10. These elements taken together amount to the emergence of a coherent and crafted policy that progressively attempts to remap the region through interlinked initiatives of security, nationbuilding and good neighbourliness (Perera 2005, forthcoming). The entry of the Australian military into the Solomon Islands (inevitably named ‘Operation Helpem Fren’) and East Timor were similarly cast as good neighbour exercises. In Adrian Vickers’ words, in East Timor, ‘The diggers were presented as a sporting team with guns’ (2003, 108). Yet this benign image of the local champion stepping by to sort out the neighbourhood is not without its sinister aspects (D’Cruz and Steele, 304-16; Kehi, this volume). Sherene Razak’s discussion of the role of peacekeepers in the New Word Order of the 1990s provides an interesting framework for understanding these more recent peacebuilding interventions. Razak argues that in the aftermath of the First Gulf War, the role of peacekeepers such as the Canadians in Somalia:
is constructed as a colour line with civilized white nations standing on one side and uncivilized Third World countries on the other … [T]he peacekeeper … is entrusted with the task of sorting out the tribalisms and the warlords that have mysteriously sprung up in regions of the world where great evil dwells (Razak 2003, 7∗).
11. Extending Razak's thesis, I would suggest that, in addition to the role of peacekeeping, the colourline between Australia and its neighbours is also enacted through the rhetoric of good governance and nationbuilding as the ‘civilized white nations’ are confronted with the chaos, inefficiency and corruption that dwell in the dark places of the region (Perera 2005, forthcoming). Like policing and peacekeeping, the rhetoric of good governance partakes in the ‘mythologies’ of bringing civilisation to these benighted locales. Following on from her discussion of the role of peacekeeping, Razak poses a question for her fellow Canadians:
When a nation announces itself as peacekeeper to the world and when its national subjects derive from this and related mythologies a sense of self, history and place … what racial hierarchies underpin and are supported by such apparently innocent beliefs?’ (Razak, 2003, 6*).
12. Australia’s engagements in nationbuilding and peacekeeping in East Timor, the Solomon Islands, and now, it would seem, in Aceh, beg a similar question. This is a question that D’Cruz and Steele’s text, through its extended discussion of Australia’s racial and spatial hierarchies, attends to in careful detail. Unlike much of the more familiar discussion on Asian-Australian topics, D’Cruz and Steele’s analysis foregrounds the constitutive relationship between Australian colonization of Indigenous land and its ambivalent claiming of space in the region (see also Perera 1995, 5-6). D’Cruz and Steele insist on the co-constitution and interdependence of ‘inside’ and ‘outside’, ‘domestic’ and ‘regional’, ‘Asia’ and ‘Australia’: each of these categories grounds and defines the possibility of the other.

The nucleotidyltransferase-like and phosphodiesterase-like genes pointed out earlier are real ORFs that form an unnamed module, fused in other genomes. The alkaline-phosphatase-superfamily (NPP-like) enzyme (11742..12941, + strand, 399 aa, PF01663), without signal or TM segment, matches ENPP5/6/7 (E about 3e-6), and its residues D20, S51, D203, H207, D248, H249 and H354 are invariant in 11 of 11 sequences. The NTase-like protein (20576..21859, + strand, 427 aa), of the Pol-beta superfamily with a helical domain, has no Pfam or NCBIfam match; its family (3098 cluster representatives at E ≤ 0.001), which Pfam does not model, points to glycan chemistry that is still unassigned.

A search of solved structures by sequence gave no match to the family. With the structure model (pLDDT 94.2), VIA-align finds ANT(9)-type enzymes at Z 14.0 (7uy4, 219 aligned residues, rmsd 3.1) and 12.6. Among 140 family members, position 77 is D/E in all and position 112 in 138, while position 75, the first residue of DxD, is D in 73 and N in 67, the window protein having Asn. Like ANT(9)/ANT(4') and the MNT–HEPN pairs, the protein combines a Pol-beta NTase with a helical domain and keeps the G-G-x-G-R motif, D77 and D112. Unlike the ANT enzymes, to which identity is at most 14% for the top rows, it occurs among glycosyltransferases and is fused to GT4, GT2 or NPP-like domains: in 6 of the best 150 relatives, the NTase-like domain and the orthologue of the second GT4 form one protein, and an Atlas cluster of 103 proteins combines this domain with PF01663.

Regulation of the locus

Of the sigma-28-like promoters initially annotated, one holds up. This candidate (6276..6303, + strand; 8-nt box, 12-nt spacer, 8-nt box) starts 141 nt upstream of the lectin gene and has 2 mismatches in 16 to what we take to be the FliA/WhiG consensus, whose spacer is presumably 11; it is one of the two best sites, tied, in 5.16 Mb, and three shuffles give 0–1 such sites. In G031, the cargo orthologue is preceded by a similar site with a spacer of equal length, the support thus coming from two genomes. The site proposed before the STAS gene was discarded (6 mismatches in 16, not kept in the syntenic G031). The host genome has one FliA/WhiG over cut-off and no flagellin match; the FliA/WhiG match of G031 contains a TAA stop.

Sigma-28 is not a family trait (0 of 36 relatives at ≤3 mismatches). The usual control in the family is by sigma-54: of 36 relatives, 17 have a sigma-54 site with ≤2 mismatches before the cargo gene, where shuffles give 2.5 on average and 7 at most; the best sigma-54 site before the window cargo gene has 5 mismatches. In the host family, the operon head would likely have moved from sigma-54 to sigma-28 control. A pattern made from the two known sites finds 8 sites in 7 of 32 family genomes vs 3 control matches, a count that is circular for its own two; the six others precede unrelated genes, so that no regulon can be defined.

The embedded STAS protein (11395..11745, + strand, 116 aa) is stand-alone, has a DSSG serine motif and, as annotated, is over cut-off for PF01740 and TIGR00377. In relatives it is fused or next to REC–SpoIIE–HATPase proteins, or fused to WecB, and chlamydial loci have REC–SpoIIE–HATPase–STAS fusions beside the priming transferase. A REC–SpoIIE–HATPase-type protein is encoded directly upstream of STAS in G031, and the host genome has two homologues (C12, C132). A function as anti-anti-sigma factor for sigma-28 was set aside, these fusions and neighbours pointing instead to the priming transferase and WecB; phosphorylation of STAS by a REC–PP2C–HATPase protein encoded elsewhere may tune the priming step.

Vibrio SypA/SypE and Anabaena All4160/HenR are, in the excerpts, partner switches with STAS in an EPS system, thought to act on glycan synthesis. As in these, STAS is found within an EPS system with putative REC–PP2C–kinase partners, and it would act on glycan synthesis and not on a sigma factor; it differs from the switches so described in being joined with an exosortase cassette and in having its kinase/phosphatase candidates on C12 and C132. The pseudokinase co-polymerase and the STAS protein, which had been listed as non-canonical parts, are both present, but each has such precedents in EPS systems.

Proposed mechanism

13. Aileen Moreton-Robinson recently pointed out that it is the Australian state’s appropriation of Aboriginal sovereignty that grounds and enables its hegemonic moves in the surrounding region (Moreton-Robinson 2004). Moreton-Robinson’s insight highlights the interdependence of regional policies with a raft of recent moves that consolidate Anglo-Australian authority and reassert a colonizing ‘white patriarchal sovereignty’ in the face of Indigenous struggles for self-determination (Moreton-Robinson 2004). These moves include the dismantling of ATSIC; the refusal to entertain any discussion of a Treaty; the denial of the stolen generations and, underpinning all of the above, a concerted attack on those who dare question national mythologies of a decent and good colonizer.
14. The whitewashing of history and attempts to stifle Indigenous self-determination at home are inextricably connected to the extravagant demonstrations of Anglo-Australian sovereignty in response to the supposed threat presented to it by the arrival on our beaches of a few hundred asylum seekers. These assertions of sovereignty were enacted through attempts to bring national and regional space under differential forms of control – for example, by technologies of excision of various parts of Australia from the mainland and the creation of immigration detention camps as ‘spaces of exception’ that are not part of Australia (Perera 2002; Perera 2005, forthcoming). At the same time, as Prem Kumar Rajaram points out, the boarding of the Tampa by the SAS and the ‘Pacific Solution’ were ‘performative acts of sovereignty’ (Rajaram 2003, 292) that attempted to overwrite other spatiotemporalities and exercise hegemonic power over the region as a whole.
15. The Pacific, the Prime Minister has taken to declaring since 2001, is ‘our patch’ to cultivate, beautify and protect. Following the Kuta Beach bombings of 2002 it has become common to hear incredulous Australians protesting ‘But Bali is our backyard!’ (Perera 2005, forthcoming). These are both terms that suggest the parallel forms of ownership and overlordship being claimed over domestic and neighbourhood space. They reveal interlinked anxieties regarding the legitimacy of the Australian state in its backyard both ‘at home’ and in the region (Perera and Pugliese, 1997 and 1998; Rajaram, 2003, 290). D’Cruz and Steele’s text engages precisely this paired dynamic in the self-constitution of Australian whiteness. As such it provides an important corrective to a ‘whiteness studies’ that tends to focus exclusively on domestic black/white relations (eg. Riggs 2004) overlooking the complex formations of whiteness in Australia and the interlocking racial and ethnic hierarchies and multiple spatialities that structure and produce it. These omissions indicate the extent of the conceptualising, theorising and historicising work that remains to be done in the unpacking of Australian whiteness.